Steven C. Den Beste, I was kind of being facetious. But, honestly, are there limits to the degree to which the FCC can restrict radio content? The limitations on broadcast bands are relatively minor, but there are much more severe limitations on other frequency blocks; I believe commercial speech is still prohibited altogether over amateur radio, and there are certain marine VHF frequencies reserved only for emergency use, etc. It seems like the FCC has a hell of a lot of leeway in restricting speech.
posted by enn at 12:12 AM on October 6, 2007


The logic was largely laid down in the Pacifica decision.

George Carlin had developed his classic "7 dirty words you can't say on radio" routine, working in night clubs. It was eventually recorded and distributed on LP. All quite legal, so far.

Someone at a radio station belonging to the Pacifica Foundation actually did play that routine over the air, and the FCC tried to fine Pacifica. They went to court, and eventually SCOTUS upheld the FCC on the action. The decision explains why, but reading it will probably put you to sleep.
posted by Steven C. Den Beste at 12:13 AM on October 6, 2007 [1 favorite]


Huh. A poem about people going crazy and getting lost in drugs because of an oppressive, shallow and uncaring society.

No, this poem is obviously irrelevant to a modern-day audience.

Can someone explain how the FCC fining the station for this would not break the First Amendment?

Well, you have to understand. I mean, it is one of the most important poems of the 20th century, but try to see it from the other side: if kids out there happen to be listening to NPR [WHAT KIND OF INSANE ROBO-CHILDREN LISTEN TO MUTHERFUCKING NPR?!?] they might hear the words "cock", "cunt" and "semen", which would scar them for life and turn them into rapists and Democrats.

That fear -- the fear that our kids might possibly hear the word "cock" on the lips of an adult -- trumps the entire US Constitution. Of course, I was calling our substitute teachers "cockgobblers" when I was 13, but no, don't think about it. Logic will only hurt you. Thinking is unpatriotic.

Here's some acid. Join me for a trip, won't you?
posted by Avenger at 12:18 AM on October 6, 2007 [7 favorites]


Meant to preview, not post; I left out the most egregious restrictions of all: the equal time rule, still in force, and the Fairness Doctrine. A medium in which editorializing in favor of a candidate can get you fined can hardly be called a medium in which free speech is permitted.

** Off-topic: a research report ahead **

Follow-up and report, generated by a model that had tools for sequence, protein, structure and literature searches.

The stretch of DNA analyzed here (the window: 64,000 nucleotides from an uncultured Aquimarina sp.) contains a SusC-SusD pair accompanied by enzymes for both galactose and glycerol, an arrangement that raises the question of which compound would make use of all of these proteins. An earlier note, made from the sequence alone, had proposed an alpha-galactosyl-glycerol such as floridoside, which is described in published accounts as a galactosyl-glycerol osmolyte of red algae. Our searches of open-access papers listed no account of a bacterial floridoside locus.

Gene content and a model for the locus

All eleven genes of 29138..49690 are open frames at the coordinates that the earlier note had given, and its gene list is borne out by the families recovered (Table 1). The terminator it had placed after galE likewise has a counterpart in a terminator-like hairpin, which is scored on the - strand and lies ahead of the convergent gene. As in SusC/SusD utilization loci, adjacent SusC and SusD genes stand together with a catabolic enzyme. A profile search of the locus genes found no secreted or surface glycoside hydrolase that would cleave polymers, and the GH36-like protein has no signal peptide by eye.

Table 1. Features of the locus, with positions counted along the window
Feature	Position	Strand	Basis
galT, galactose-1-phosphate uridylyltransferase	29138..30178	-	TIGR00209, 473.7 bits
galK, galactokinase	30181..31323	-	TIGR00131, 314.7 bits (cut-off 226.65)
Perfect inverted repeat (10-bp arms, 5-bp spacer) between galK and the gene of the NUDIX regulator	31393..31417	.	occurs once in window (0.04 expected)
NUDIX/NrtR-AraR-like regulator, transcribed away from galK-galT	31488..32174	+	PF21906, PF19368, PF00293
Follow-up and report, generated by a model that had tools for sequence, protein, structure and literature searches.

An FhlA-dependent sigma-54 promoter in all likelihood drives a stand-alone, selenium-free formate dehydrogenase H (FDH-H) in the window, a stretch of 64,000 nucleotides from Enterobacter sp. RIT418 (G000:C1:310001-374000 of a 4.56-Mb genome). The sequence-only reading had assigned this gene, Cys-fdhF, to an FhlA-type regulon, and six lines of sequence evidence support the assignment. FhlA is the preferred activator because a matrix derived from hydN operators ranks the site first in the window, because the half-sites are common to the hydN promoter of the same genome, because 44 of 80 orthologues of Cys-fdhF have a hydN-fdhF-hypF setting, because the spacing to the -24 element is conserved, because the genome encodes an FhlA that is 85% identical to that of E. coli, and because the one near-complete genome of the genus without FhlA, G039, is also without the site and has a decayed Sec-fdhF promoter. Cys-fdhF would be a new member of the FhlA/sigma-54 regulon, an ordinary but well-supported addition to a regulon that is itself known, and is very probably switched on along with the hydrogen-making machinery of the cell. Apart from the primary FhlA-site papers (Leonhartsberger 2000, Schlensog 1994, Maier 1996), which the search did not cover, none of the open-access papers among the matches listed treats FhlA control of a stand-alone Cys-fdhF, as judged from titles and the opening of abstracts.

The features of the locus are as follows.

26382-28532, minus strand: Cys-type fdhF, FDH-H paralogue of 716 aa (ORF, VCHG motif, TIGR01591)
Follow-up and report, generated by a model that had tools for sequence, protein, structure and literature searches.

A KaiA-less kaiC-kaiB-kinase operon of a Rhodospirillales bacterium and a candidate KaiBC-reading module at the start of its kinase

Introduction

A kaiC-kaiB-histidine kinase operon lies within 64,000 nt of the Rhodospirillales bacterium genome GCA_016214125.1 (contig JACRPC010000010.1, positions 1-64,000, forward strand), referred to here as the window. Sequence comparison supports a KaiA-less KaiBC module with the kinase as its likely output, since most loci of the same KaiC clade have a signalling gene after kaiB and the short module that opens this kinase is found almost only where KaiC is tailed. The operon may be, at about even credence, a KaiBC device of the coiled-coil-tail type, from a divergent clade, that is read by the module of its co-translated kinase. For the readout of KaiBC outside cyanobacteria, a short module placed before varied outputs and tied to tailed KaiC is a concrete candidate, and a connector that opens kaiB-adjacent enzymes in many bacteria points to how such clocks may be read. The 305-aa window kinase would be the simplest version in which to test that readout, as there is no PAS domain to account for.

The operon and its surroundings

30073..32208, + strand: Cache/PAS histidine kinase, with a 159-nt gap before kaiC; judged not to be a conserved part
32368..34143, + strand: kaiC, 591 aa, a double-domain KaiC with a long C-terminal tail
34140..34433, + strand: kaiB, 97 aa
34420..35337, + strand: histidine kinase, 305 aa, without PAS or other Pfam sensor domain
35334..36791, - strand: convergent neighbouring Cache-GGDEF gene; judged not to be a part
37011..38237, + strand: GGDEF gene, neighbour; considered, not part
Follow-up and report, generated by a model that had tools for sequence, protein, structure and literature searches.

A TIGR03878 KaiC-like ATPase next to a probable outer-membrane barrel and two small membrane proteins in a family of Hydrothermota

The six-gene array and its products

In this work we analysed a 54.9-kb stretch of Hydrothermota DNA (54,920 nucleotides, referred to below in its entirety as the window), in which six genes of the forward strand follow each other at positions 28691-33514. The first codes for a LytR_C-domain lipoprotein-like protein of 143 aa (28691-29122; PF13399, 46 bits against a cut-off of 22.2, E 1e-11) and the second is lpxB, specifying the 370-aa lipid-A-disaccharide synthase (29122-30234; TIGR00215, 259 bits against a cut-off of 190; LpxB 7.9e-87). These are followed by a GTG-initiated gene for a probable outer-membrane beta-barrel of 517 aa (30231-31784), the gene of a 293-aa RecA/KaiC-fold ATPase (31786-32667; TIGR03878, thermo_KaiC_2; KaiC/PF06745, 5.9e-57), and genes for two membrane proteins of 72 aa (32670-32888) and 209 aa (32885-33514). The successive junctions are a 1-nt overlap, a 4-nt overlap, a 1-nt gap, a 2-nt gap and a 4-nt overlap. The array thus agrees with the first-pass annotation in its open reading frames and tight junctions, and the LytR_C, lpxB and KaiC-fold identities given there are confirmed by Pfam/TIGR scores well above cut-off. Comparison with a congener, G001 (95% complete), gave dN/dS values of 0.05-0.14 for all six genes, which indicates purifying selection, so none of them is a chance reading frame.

posted by enn at 12:22 AM on October 6, 2007


The Fairness Doctrine is gone, thank goodness. However, some Democrats in Congress want to bring it back as a way of squelching conservative talk radio.
posted by Steven C. Den Beste at 12:26 AM on October 6, 2007


I'm saving up so I can ruin my mind on expensive drugs, and thereby avoid having to intellectually digest the future we are careening into.

Never let it be said that all that money the US goverment spends on anti-drug propaganda is a complete waste of resources. blacklite is living proof that it was money well spent.
posted by PeterMcDermott at 12:26 AM on October 6, 2007


Why democracy? So the right to free speech that’s guaranteed in the laws composed by your brilliant founders can later be neglected by idiot bureaucrats who pee a little when they hear a bad word.
posted by tepidmonkey at 12:31 AM on October 6, 2007


Yep, pretty much, tepidmonkey. And in the Bush regime, ALL of our "rights" can be rescinded. Scary, huh?
posted by amyms at 12:34 AM on October 6, 2007


ah, Carl, while you are not safe I am not safe, and
now you're really in the total animal soup of
time
posted by PeterMcDermott at 12:34 AM on October 6, 2007


To Steven C. Den Beste, I usually find myself on the opposite end of the political spectrum from you, but I appreciate the answers and the links you've provided here. Very interesting stuff, thanks.
posted by amyms at 12:36 AM on October 6, 2007


Not that it's apropos of the FPP or the discussion, but this is my second-favorite Allen Ginsberg poem.
posted by amyms at 12:42 AM on October 6, 2007